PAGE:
IoTC discussion on smart cities

Written by Brian Seitz


The Internet of Things Consortium recently included a short roundtable on smart cities, asking member organizations to share their thoughts on the current state, and future of smart city initiatives. Of course, Buddy Platform is right in the thick of it, building the next generation in data infrastructure that will power these projects all over the world. I pulled out my thoughts below, and the entire roundtable can be found here.

How should cities be making the case to its citizens for funding smart city investments?

Governments are starting to realize that just implementing IoT technology is not the ultimate objective for smart city initiatives. Rather, the success of a smart city initiative should be measured by the positive impact it makes on citizens’ quality of life. Whether projects underneath the smart city initiative are designed to improve efficiency of utility services, reduce streetlight power consumption and increase capability within streetlight networks, or provide civic-oriented information, nothing will be perceived as a success unless the benefits become clear to the citizens they serve.

What role do private partners and businesses play in the realization of smart cities?

Private/public partnerships can help to accelerate implementation of smart city projects, and help to ensure the right technology is matched with the desired outcome for the citizens. Also, with the rise of government funded open data projects, private business can provide compelling experiences and real innovation utilizing the anonymous data from smart city infrastructure like streets, lighting and environmental sensors.

How should policy makers approach the planning of smart cities?

Building smarter cities really comes down to the integration of legacy, and newly installed sensor and device networks that are quantifying a city’s critical infrastructure. Today many of those systems operate independently and in silos, which makes gaining insights from those systems, let alone automating them, extremely difficult. Therefore, policy makers should take a long-term view when it comes to their city’s data infrastructure, to ensure the backbone of the system is flexible, scalable and secure. With this core piece in place, state of the art sensors and devices can be added to the system as they are approved and procured by civic agencies.

Some argue that, since rebuilding infrastructure is costly, retrofitting is where the design of smart city initiatives may truly shine. Do you agree, and if so, how can companies approach “retrofitting?”

Retrofitting is indeed a key piece of the smart cities mix, but the focus should really be on the data ingestion and output. It’s the data from these devices that will bring value to government workers, allow business to build and add new services, and ultimately positively impact the residents of the city. The power of IoT class hardware means Things are getting smaller, cheaper and more connected. That means for retrofits, and new builds measuring systems and events is easier. The big question then quickly shifts to, where is the data going, how is it being managed, and how do I get it into the systems I depend on? Again, devices are important, open data infrastructure is critical.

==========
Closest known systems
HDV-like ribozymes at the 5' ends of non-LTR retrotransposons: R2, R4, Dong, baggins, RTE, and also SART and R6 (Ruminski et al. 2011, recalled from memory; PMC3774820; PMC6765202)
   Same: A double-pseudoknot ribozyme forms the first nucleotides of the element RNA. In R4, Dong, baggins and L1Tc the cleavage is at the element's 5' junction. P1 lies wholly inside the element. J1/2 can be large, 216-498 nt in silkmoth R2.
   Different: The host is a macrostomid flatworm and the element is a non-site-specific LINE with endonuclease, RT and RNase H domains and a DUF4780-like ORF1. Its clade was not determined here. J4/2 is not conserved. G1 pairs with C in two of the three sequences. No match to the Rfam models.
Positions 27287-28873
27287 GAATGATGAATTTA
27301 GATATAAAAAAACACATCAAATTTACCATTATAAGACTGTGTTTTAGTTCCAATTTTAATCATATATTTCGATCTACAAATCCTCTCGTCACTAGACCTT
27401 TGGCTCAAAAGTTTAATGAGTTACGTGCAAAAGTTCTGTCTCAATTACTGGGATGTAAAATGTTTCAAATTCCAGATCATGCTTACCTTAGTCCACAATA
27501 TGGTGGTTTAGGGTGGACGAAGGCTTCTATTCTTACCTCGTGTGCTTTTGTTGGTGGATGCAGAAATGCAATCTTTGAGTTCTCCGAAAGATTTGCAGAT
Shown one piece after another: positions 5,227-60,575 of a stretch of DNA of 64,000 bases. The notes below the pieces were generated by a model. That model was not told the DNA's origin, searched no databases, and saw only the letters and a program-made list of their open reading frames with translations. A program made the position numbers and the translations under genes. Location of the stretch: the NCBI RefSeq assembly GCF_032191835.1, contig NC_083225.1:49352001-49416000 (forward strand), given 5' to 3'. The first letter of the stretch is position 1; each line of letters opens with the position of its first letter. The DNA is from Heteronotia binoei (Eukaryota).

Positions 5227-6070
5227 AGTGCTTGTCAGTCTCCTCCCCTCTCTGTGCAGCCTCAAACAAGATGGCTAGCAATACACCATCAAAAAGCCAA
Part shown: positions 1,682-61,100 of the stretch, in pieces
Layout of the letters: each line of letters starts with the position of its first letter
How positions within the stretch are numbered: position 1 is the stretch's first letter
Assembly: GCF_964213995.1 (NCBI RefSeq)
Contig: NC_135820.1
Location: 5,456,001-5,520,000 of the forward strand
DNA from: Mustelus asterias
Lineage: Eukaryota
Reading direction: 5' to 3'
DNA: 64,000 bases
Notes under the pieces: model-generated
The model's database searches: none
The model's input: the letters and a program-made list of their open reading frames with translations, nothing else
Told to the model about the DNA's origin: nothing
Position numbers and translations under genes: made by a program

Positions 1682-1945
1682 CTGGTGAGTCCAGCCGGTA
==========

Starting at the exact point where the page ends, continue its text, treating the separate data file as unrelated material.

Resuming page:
What do you think of the DOT’s Smart Cities challenge?

The more formal support government can throw behind smart cities initiatives the better. We have seen in a number cases around the world, when the mandate from government is to innovate to benefit the citizenry, great outcomes can result. In April 2016 the Australian government released a national Smart Cities Plan, which included a Smart Cities and Smart Suburbs Program. The Amsterdam Smart City Plan is driving smart city development in several key areas including Infrastructure and Technology, Energy Water and Waste, Mobility, Circular City, Governance and Education, and Citizens and Living. Formal programs and initiatives from government can help fuel the positive outcomes and benefits for all.

For citizens who are unaware of smart cities, or smart cities initiatives, how can local governments increase public education of the benefits of IoT technology?

Citizen engagement and participation early in the process of developing smart city plans is a crucial element for success. Ultimately, the success of the programs will be determined by how citizens feel their tax dollars were spent, and if it had a positive impact on their lives. Hosting community forums throughout the planning and implementation process, building engaging web and mobile experiences to solicit feedback and ideas, and focusing on the outcomes these projects are expected to achieve will ultimately increase the likelihood these projects will be well received and successful.

What are some early success stories you’ve seen with smart cities? Any promising results and case studies we should all be aware of?

Around the world smart city projects are moving forward with purpose. The Smart Dubai initiative is a key part of city’s Happiness Agenda, the City Government of Buenos Aries is focused on fielding citizen complaints, smart lighting and flood control, and in Dublin, Ireland they are using public/private partnerships to improve air quality, access to parking and tracking bike theft. A broader look at these and other projects around the world can be found here at